That’s ok. No one else does either.
There are currently a couple rows of cars on my street that are fully covered in snow. At least…I think they’re snow-covered cars. It’s possible God was trying to add some moguls to a ski slope and missed.
From what I can gather–not being a car owner myself–there seem to be two primary strategies for dealing with snow burying your vehicle. 1) Shovel well, shovel often. I have seen people go out during the storms, every few hours, to keep up with the snow as it fell. These are the folks who have no problem getting their cars out the next day and heading off to work. Although some people choose option 2) abandoning their car until summer.
You see this play out on sidewalks as well: folks who shoveled regularly throughout the storm have nice clean walk ways, you would never know it snowed there just two days ago. Other folks have drive ways and side walks that look like a Chuck E. Cheese Ball Pit (but with snow). This is less common than the car thing, because people will get fined for not properly shoveling their walk. But as a pedestrian, I can report that there are plenty of spots that need pretty massive work. Because if you don’t prepare properly, if you don’t practice good shoveling as the snow falls, then you can’t be a good shoveler.
This played out in grocery stores as well. Bread disappeared from grocery stores in the hours before the big storm last week. The produce section of the store was barely touched. A couple people stood in line with a couple bottles of wine or a six pack of beer. Others….several handles of hard alcohol. I don’t know how long they thought the storm would last, or how many Civil War-era kind of surgeries they were going to be performing…but I hope they made it out ok. How you prepare is equal to your identity. Marathon runners don’t run marathons every single day, but they do run more days than not. Theologians or Ministers aren’t necessarily more devout or more full of faith than civilians, but they immerse themselves in God-related thought and speech on a semi-constant basis. I’m told great chefs are simply normal people who cook a lot.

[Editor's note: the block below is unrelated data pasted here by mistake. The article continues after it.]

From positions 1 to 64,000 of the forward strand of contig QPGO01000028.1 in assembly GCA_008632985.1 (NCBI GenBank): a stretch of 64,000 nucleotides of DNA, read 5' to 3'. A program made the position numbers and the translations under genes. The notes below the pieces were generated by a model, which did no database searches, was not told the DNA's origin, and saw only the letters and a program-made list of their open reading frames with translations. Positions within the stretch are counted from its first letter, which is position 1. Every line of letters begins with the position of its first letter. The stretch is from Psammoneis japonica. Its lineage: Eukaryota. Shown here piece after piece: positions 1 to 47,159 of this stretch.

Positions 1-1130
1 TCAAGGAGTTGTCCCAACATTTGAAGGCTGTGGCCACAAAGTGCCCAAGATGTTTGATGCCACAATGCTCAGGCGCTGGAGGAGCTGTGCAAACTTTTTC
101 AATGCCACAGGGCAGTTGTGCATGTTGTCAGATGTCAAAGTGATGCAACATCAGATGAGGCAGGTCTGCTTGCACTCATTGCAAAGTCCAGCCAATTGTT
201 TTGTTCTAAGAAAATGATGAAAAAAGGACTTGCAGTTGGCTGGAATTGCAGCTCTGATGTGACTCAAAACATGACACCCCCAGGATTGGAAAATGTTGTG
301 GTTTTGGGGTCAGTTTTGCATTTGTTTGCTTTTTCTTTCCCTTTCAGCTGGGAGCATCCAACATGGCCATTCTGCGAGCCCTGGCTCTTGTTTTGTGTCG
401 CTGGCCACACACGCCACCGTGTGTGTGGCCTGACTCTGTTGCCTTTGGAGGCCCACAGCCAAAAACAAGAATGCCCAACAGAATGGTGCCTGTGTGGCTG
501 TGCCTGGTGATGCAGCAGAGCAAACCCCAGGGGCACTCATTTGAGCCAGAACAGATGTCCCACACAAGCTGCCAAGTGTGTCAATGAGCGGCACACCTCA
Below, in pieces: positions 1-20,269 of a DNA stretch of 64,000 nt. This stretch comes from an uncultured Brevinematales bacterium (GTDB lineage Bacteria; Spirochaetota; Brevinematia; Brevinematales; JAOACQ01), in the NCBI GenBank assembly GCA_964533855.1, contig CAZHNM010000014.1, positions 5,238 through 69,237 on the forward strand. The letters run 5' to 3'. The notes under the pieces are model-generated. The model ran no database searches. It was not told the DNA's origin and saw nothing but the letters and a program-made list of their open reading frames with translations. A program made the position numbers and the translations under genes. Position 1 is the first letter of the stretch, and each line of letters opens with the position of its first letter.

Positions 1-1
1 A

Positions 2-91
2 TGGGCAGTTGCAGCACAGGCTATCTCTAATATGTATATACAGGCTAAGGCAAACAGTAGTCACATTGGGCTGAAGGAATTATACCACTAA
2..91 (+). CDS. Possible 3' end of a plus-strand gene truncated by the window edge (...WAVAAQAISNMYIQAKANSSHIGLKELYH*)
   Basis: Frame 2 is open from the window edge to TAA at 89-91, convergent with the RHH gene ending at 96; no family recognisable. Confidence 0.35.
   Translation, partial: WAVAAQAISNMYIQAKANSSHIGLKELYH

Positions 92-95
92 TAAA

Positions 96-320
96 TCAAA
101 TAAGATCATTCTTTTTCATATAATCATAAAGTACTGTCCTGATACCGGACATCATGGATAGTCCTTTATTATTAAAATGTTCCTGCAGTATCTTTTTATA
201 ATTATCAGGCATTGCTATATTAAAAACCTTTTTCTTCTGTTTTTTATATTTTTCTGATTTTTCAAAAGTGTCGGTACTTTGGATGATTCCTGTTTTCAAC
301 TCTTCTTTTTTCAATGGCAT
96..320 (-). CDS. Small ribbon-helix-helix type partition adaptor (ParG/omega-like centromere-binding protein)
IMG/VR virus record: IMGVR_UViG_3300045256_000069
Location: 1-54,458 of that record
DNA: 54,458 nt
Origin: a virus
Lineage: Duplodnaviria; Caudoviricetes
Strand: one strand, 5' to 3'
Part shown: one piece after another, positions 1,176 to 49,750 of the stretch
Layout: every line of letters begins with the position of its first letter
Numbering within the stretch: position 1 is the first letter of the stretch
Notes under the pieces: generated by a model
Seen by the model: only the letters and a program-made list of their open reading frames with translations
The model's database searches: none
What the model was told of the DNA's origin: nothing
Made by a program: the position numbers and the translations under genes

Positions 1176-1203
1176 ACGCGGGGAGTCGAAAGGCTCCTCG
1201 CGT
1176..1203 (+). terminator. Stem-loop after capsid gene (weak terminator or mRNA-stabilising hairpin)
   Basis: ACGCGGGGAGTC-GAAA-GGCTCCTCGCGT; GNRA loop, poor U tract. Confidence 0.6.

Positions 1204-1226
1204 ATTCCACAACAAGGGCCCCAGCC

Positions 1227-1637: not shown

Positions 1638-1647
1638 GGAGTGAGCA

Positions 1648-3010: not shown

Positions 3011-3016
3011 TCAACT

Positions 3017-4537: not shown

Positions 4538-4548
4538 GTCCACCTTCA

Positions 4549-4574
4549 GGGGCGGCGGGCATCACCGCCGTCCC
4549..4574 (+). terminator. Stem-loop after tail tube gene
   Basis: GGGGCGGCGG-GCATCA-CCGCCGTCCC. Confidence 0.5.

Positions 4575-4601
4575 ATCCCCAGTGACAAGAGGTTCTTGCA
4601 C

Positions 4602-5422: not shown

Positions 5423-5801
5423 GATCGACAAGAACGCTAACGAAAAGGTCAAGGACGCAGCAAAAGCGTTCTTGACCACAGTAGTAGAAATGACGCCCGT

Snow storms make visible things that are normally un-observable: work ethic, procrastination, or…problems relating to consuming/hoarding bread. It doesn’t change who we are, it just covers us in snow until our true identities are revealed.
3) Often, Others Have Cleared a Path For You
It’s not all bad stuff, though. The truth is we are capable of great things too. I’ve never met more strangers in the Boston area than I have just before and just after a storm. Especially after. When the roads are unusable and everyone has to dig out from under snow before things can go back to normal…everyone (for the most part) lends a hand and helps one another out. One of the joys of the last few days has been how quiet it is. Even while traffic is backed up and aggravating because of the narrow roads and snow banks…I have never heard so few car horns. There’s a shared respect for the sheer weight of this stuff that fell from the sky, and a common concern for all who have been weighed down by it. It’s quite lovely.
Yesterday morning I became immediately aware of something that I have taken for granted almost every day of my life. As I came upon a street that I normally walk down without any problem whatsoever, I found 4-5 feet of snow making the walk impassable. So rather than trudge through snow up to my waist, or walk on the actual winding and scary looking street, I took a left and headed for the main road. That’s where I found a walk way that had not been shoveled as much as…trampled into a path. Countless sets of foot prints marked the slick and mushy way forward…trace evidence of people who had travelled that route before me…making my journey easier. Sometimes we have the burden, and the blessing, of walking somewhere first…becoming early adopters of a particular path, making the way smooth for those who might follow. It’s an incredible gift to give…turning impenetrable snow banks into safe and easy passages.